The requirement in MCOB 13.3.1 R(2) for a written policy and procedures is intended to ensure that a firm has addressed the need for internal systems to deal fairly with any customer in financial difficulties. MCOB 13.3.1 R(2) does not oblige a firm to provide customers with a copy of the written policy and procedures. Nor, however, does it prevent a firm from providing customers with either these documents or a more customer-orientated version.
(1) A firm must monitor both the quality of the purchased receivables and the financial condition of the seller and servicer. In particular a firm must comply with the remaining provisions of this rule.(2) A firm must assess the correlation among the quality of the purchased receivables and the financial condition of both the seller and servicer, and have in place internal policies and procedures that provide adequate safeguards to protect against such contingencies, including
A firm must have systems and procedures for detecting deteriorations in the seller's financial condition and purchased receivables quality at an early stage, and for addressing emerging problems proactively. In particular a firm must have clear and effective policies, procedures, and information systems to monitor covenant violations, and clear and effective policies and procedures for initiating legal actions and dealing with problem purchased receivables.[Note: BCD Annex VII
A firm must have clear and effective policies and procedures governing the control of purchased receivables, credit, and cash. In particular, written internal policies must specify all material elements of the receivables purchase programme, including the advancing rates, eligible collateral, necessary documentation, concentration limits, and the way cash receipts are to be handled. These elements must take appropriate account of all relevant and material factors, including the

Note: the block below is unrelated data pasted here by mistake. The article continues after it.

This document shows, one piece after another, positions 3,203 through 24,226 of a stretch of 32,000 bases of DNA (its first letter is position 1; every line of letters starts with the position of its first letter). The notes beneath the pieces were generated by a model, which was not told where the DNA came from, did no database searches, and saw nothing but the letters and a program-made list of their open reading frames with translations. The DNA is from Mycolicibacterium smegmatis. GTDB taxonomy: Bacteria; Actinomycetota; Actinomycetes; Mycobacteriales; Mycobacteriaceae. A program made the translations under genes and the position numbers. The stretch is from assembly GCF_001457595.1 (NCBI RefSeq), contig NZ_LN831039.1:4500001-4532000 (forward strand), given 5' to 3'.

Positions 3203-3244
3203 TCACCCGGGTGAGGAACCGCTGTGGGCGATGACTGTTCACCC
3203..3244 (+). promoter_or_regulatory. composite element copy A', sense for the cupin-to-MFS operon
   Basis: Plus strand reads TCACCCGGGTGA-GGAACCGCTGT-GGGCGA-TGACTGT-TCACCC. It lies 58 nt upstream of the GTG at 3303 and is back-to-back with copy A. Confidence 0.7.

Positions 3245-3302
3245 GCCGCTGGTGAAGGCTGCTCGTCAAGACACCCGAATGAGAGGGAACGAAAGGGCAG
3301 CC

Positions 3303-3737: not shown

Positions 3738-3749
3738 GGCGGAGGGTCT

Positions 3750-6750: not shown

A firm must have an effective internal process for assessing compliance with all internal policies and procedures. The process must include regular audits of all critical phases of the firm's receivables purchase programme, verification of the separation of duties between, firstly, the assessment of the seller and servicer and the assessment of the obligor and, secondly, between the assessment of the seller and servicer and the field audit of the seller and servicer and evaluations
Schedule to the Recognition Requirements Regulations, Paragraph 4(2)(aa)2Without prejudice to the generality of sub-paragraph [4(1)], the [UK RIE] must ensure that -it has transparent7 rules and procedures -(i)to provide for fair and orderly trading, and(ii)to establish objective criteria for the efficient execution of orders;